Online Divorce Still Requires Trip To Courthouse
Many people may have a misconception of an online divorce and may thing that with web conferencing capabilities they can face a judge on their home computer. While this may come at some point in the distant future, it does not work that way today. While all forms can be filled out online and all the court's rules may be explained online, it will still require at least one, probably two, trips to the courthouse to get a divorce through the courts.
Some courts may allow for online divorce filings, while others require at least one of the parties to physically file the action with the clerk of courts, when a court date is set for the proceeding. One the day of the divorce hearing, both parties must be present in front of a judge and after answering a few questions, except when a waiting period is required by that state's laws, a divorce can be granted.
In most cases, there are only a few reasons for marriage ending that make online divorce an available option. They must be uncontested and all parts of the divorce decree and separation agreement must be approved by both parties. If any part of the divorce agreement is going to be contested by one party, there can be no online divorce proceedings for them. They can however, fill out all the paperwork online and work out any disagreements with the judge during the hearing.
Attorneys Not Need To For File Online Divorce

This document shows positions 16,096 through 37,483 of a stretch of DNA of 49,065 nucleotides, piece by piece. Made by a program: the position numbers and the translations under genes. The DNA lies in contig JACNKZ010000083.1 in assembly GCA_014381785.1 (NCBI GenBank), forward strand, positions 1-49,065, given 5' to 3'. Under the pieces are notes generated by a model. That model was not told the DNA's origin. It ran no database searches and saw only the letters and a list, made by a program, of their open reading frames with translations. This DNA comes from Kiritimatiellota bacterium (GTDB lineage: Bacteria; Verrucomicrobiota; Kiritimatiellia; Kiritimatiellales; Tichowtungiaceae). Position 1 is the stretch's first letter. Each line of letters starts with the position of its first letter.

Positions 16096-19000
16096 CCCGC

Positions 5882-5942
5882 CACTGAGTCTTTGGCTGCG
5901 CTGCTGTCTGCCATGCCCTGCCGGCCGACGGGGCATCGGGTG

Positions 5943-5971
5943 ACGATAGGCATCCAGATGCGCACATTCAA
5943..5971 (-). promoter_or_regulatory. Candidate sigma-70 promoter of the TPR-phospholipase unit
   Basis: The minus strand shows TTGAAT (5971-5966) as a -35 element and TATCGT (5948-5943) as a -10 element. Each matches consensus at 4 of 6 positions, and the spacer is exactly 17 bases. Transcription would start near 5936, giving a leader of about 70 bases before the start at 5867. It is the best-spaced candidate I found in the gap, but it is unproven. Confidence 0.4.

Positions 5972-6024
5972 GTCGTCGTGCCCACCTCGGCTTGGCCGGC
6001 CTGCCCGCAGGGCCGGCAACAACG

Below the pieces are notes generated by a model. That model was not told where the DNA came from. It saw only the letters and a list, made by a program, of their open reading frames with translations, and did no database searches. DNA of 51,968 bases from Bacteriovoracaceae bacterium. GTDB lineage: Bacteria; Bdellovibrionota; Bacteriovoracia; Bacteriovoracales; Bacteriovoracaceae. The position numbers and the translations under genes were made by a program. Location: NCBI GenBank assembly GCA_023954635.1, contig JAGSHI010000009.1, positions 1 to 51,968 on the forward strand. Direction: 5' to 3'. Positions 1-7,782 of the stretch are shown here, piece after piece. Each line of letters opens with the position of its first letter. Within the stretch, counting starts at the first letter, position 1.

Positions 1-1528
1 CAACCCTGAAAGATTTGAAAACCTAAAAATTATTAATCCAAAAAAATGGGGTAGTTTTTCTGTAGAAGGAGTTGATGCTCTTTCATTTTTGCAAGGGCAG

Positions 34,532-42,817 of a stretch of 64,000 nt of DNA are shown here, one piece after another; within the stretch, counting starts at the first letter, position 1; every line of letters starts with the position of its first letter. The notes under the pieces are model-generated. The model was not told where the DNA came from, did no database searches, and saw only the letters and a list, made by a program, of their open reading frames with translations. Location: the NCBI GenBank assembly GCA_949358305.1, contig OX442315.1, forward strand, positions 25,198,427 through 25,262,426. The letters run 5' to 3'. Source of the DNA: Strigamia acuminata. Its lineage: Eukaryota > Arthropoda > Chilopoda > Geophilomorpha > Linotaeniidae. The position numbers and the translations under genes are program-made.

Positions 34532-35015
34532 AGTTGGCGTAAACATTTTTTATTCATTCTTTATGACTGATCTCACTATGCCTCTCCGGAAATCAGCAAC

Most companies that offer online divorce services employ attorneys to be sure all paperwork is consistently filled out properly, the couple can file the paperwork with the court on their own. And even thought there is no requirement stipulating that an attorney take part in the proceedings, it pays to have an online divorce attorney review the forms prior to submitting them to the court.
If children are involved and there is not contest over their custody or amount of support, online divorce can usually proceed as long as the court sees that the welfare of the children is considered in the divorce. When filing for online divorce, all aspects of court procedures must be followed and all state laws adhered to.
In most states, there is a residency requirement, stipulating how long the filing party has to have been a resident of that state prior to filing for divorce. Meeting residency requirements, as well as any other mandates required by that state's law must be followed even when filing for an online divorce.